\begin{CJK}{UTF8}{min}未練なく散も桜はさくら哉\end{CJK} \\
without regret \\
they fall and scatter\ldots \\
cherry blossoms

\end{document}


You can compile it with the latex, dvips, ps2pdf combo or with pdflatex as well.

• Thanks for the link, the site is loading so slow though :D I'll wait until it's done... Hopefully. :) Apr 11 '11 at 18:07
• Sorry, it took quite some time, honestly I left it lol... I chose you because your example worked. :) May 8 '11 at 18:00
• I hope it works out, good luck with your project! May 9 '11 at 6:45
• Characters are working, I have some new problems sometimes (things like size, font choice, etc) but there is plenty of material... I might be able to solve it by myself :D May 9 '11 at 8:02
• Please don't use the default min, goth CJK fonts for Japanese. They are not professional. Instead use fonts provided by ipaex-type1 package. In Ubuntu it is provided by texlive-fonts-extra package. Jun 27 '19 at 0:58

You might also try XeteX with the genzi.sty package, which is specifically for Japanese.

If you read Japanese well, Google "luajalayout" and "LuaTeX-ja." A pdf sample of the output looks very good. It appears to require a separate installation from the standard LuaTeX, but I'm not sure.

# 2020 Update

Thanks to a comment above from eiennohito, I've gotten a professional looking Japanese font working on Arch Linux with pdflatex (although it should work for other distros).

### Necessary Packages

• texlive-bin (provides pdflatex)
• texlive-fontsextra

The latter should install (among others) the following file:

/usr/share/texmf-dist/tex/latex/ipaex-type1/c70ipxm.fdx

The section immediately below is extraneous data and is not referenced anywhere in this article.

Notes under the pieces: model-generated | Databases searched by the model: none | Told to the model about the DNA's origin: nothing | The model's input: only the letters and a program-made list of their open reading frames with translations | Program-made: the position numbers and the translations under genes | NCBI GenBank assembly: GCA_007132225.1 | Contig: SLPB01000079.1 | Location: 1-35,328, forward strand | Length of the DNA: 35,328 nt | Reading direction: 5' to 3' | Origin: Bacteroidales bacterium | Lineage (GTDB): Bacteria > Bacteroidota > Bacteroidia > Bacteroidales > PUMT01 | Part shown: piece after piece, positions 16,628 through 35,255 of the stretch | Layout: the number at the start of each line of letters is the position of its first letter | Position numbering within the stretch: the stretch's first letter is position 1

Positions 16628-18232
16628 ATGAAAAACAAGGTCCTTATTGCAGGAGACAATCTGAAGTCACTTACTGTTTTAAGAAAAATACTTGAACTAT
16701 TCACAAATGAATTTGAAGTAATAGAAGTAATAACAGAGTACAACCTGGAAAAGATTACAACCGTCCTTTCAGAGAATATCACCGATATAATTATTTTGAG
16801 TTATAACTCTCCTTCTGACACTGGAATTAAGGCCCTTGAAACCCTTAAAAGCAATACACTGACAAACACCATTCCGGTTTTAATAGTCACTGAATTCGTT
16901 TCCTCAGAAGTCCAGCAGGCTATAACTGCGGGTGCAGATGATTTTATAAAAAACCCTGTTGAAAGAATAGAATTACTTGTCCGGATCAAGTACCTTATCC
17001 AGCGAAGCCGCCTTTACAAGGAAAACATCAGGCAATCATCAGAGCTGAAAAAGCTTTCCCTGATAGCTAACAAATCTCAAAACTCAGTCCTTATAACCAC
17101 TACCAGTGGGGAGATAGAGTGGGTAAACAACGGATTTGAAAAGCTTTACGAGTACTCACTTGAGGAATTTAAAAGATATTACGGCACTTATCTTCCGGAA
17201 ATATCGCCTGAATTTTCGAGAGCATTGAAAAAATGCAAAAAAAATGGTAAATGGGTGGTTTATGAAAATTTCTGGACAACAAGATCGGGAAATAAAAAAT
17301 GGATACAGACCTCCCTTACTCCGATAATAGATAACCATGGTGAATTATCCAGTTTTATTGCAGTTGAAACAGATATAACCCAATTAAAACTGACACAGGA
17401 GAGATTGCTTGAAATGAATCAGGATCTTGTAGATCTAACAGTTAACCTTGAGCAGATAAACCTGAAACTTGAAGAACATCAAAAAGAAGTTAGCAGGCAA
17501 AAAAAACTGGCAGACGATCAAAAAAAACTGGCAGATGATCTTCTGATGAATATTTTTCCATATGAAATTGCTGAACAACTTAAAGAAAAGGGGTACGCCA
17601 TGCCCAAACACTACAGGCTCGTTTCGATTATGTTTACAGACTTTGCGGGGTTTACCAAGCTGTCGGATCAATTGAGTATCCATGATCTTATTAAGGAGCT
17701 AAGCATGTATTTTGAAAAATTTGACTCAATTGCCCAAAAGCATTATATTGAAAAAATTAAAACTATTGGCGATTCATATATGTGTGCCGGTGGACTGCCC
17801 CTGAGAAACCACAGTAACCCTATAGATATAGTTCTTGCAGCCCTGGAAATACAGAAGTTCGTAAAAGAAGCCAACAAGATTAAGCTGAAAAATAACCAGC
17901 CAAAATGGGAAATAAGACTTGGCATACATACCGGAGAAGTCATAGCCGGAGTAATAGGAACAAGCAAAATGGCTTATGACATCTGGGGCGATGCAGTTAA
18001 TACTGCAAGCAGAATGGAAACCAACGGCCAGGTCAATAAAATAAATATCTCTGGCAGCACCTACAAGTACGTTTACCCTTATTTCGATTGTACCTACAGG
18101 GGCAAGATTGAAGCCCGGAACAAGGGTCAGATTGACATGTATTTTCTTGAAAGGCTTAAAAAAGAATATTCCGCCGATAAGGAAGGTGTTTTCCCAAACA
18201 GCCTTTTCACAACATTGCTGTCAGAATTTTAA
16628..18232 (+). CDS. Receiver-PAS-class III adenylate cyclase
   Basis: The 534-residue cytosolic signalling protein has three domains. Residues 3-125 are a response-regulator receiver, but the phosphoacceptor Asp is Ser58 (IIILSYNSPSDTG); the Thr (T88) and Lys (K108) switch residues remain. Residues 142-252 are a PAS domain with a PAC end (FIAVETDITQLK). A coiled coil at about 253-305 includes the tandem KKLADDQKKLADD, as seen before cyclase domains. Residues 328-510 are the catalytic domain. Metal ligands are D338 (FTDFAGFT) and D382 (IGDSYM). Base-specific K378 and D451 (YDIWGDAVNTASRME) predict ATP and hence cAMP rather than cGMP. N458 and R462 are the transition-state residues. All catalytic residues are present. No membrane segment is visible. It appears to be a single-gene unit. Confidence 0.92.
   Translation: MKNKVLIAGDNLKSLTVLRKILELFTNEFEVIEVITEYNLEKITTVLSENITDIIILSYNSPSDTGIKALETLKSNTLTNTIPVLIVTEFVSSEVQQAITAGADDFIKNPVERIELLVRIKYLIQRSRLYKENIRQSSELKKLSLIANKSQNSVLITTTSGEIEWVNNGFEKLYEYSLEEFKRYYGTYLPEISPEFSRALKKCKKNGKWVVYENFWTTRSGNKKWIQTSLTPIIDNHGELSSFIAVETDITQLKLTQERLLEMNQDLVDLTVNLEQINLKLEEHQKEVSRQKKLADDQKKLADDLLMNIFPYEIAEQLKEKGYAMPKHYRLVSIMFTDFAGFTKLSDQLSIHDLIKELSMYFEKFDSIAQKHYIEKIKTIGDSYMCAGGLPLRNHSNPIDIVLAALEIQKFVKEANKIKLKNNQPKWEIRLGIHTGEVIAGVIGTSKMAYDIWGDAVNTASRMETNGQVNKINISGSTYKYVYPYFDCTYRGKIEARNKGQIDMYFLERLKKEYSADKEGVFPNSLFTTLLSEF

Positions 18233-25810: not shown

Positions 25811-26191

This is the font we want. Now, in our .tex file, using this font is as simple as:

\usepackage{CJKutf8}
\begin{document}
\begin{CJK}{UTF8}{ipxm}

\section{私の人生｝  % Works in section titles too.

\end{CJK}
\end{document}


A normal run of pdflatex on this file should succeed, and the resulting .pdf should have nice, professionally looking Japanese text within.

Note: If you want other text effects like \textbf, use ipmxa instead.

# References

Another option is to use babel. As of 2020, this translates strings such as “Table of Contents” and allows you to select many different styles of counters (such as Hirigana, Katakana, Iroha and more).

Mixing Japanese with other scripts, such as Arabic or Devanagari, and automatically selecting the correct language and font without language and tagging, is possible in babel, and not other packages. In theory, the translator and translations packages support Japanese dictionaries and would automatically select them, but as of 2020, you would need to write them yourself.

It also has the advantage of allowing you to mix Japanese and Chinese in the same document, although if you do this, you unfortunately will need to turn off the feature that automatically changes the language when it sees characters from a CJK script. The Original Sin of the Unicode Consortium was thinking that 16 bits would be enough forever if they just forced Japan to share the same codepoints as China and Korea.